Professor nominated for major literary award
ASSISTANT MOSAIC EDITOR
English professor and fiction writer Viet Dinh said he “was shocked” when he received an email from the PEN/Faulkner Foundation. They told him they had important information and not to discuss it for a few days until the official press release. When it was released, the secret was out — Dinh was a PEN/Faulkner finalist, an annual award for the four best works of fiction by living American citizens.
His novel, “After Disasters,” received the nomination. The book centers on the 2001 earthquakes in India from the perspective of four narrators: an American member of the Disaster Assistance Response Team, his colleague, an Asian doctor and a British firefighter. Its main theme is trauma, including physical, social and emotional, and how people handle it. Dinh says it wasn’t his goal to become a finalist when he wrote the book but he obviously is happy it happened.
“Even though it only happens to one in five million writers, we always hope we are going to be that one — it’s sort of like playing the lottery,” Dinh says.
Dinh started writing as early as elementary school, crafting short horror stories in his hometown of Denver up until high school. When he went to college, he and his parents didn’t think he would be able to make a living writing, so he switched his major a few times. Eventually, Dinh graduated and received his MFA in Creative Writing.
“With a huge-ass clunky computer, I would write these stories, until I used up the five bits of memory it had, it would clunk out at 8 pages, ” Dinh says.
“After Disasters,” was inspired by another book, “The English Patient” by Michael Ondaatje, a story that also uses multiple narrators. Vinh says this gave him permission to do it in his own work and write about these other cultures.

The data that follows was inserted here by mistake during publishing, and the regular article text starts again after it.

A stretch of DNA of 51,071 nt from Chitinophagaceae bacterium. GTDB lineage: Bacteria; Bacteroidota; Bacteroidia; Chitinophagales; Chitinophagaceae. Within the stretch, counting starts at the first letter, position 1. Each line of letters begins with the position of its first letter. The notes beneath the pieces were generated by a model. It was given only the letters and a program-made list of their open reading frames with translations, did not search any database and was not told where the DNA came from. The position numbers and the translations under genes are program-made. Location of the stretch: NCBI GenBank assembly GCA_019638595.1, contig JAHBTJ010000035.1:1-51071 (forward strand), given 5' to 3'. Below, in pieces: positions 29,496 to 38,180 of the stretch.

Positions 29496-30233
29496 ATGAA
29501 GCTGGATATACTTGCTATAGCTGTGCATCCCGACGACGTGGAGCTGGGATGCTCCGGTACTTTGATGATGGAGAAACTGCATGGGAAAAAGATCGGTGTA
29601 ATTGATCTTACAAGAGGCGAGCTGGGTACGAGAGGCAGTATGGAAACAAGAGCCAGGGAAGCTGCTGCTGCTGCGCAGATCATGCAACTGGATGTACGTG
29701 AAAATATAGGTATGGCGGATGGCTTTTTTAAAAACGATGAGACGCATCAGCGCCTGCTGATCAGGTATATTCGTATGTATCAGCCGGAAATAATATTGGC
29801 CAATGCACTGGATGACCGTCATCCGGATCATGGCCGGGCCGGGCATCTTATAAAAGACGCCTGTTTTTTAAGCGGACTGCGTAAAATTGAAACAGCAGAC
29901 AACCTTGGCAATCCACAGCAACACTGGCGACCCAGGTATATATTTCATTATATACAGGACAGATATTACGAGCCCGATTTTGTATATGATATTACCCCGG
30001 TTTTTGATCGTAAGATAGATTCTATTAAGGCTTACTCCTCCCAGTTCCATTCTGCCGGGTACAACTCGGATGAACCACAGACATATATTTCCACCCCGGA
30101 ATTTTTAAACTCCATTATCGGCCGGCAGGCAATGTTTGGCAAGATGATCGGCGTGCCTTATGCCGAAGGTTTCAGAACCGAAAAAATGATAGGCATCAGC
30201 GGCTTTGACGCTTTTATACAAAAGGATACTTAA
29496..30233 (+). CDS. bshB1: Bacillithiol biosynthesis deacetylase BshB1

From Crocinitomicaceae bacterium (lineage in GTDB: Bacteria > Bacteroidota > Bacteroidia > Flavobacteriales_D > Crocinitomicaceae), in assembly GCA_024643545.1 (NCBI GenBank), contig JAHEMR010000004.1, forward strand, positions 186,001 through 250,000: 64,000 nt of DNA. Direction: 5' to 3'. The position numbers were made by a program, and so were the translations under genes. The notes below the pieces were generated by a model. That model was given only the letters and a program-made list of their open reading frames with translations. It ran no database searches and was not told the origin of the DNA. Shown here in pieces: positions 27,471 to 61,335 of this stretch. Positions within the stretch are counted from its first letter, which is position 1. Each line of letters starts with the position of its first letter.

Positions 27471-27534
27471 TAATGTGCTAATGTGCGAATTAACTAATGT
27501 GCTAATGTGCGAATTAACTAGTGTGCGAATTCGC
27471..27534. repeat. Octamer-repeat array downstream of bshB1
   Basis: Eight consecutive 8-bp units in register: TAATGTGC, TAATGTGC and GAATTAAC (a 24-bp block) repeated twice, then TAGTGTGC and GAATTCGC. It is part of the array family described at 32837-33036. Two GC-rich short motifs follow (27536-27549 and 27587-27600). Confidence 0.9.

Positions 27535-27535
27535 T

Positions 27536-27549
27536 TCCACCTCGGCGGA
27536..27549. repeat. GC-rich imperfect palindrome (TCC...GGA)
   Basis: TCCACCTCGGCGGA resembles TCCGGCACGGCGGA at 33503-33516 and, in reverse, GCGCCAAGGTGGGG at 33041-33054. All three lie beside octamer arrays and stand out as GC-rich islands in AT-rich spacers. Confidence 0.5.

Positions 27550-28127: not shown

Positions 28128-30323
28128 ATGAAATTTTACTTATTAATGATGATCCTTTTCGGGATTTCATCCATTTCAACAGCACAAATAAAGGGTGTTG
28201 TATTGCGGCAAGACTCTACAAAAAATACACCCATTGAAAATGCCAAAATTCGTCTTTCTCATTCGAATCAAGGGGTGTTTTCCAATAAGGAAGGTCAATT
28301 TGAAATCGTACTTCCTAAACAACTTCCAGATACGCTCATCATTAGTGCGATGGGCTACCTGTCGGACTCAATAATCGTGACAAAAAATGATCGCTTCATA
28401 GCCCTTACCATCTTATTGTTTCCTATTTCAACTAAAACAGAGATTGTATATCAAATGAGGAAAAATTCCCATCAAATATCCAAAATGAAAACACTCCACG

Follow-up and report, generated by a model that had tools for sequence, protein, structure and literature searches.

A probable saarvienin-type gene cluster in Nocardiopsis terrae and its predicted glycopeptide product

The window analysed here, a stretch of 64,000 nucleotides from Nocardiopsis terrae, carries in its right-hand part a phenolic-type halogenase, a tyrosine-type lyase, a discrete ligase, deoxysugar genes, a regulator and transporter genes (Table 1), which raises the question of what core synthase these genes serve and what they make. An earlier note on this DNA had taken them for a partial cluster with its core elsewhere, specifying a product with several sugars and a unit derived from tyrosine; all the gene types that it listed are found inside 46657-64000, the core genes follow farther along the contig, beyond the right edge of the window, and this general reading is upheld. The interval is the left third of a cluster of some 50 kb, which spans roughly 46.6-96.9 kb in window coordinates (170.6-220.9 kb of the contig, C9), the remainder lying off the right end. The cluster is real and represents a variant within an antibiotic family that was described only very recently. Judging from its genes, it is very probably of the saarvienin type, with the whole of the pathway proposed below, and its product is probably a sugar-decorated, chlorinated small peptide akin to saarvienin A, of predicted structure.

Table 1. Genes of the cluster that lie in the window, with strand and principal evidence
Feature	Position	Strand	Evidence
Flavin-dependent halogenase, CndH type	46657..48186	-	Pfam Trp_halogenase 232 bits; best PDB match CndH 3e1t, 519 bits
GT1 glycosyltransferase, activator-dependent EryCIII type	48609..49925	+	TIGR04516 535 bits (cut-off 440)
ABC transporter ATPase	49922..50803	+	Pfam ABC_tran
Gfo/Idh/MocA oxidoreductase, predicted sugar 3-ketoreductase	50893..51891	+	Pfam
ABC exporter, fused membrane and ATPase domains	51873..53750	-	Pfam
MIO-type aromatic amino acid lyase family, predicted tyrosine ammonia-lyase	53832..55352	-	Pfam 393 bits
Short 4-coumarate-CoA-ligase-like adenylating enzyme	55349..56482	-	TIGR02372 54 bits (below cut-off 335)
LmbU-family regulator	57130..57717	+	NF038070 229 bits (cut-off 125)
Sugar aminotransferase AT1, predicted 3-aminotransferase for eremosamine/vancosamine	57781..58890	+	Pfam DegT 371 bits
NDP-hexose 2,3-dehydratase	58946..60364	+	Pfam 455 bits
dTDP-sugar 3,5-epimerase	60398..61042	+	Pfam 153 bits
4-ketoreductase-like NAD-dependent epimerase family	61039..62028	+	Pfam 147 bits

“Seeing that it could be done, that this white Canadian was able to write from a WWII bomb diffuser, I was like, ‘okay I can handle this,’” Dinh says.
To write the story, Dinh traveled to India, a place he always wanted to write about, where he says he “drank lots of tea” and also interviewed people who witnessed the earthquake.
As for 2001, he wanted to pick an event that occurred before 9/11 because the event, he says, it changed the way Americans thought about disasters. Dinh chose to write about the topic because he believes the disaster narrative works well with fiction.
“Fiction — especially good, strong, and compelling fiction — has to do with change, and there is no better agent of change, that forces you to change, than to encounter a disaster,” Dinh says.
Next, Dinh will be traveling to Washington D.C. at the beginning of May to attend the PEN/Faulkner Gala where he will read for six to eight minutes from his book. He says he looks forward to this and, of course, the free food. As for writing, he says he is going back to his roots — he is working on short stories based off of famous horror stories.
“There won’t be any cherry blossoms, but you can’t have it all,” Dinh says.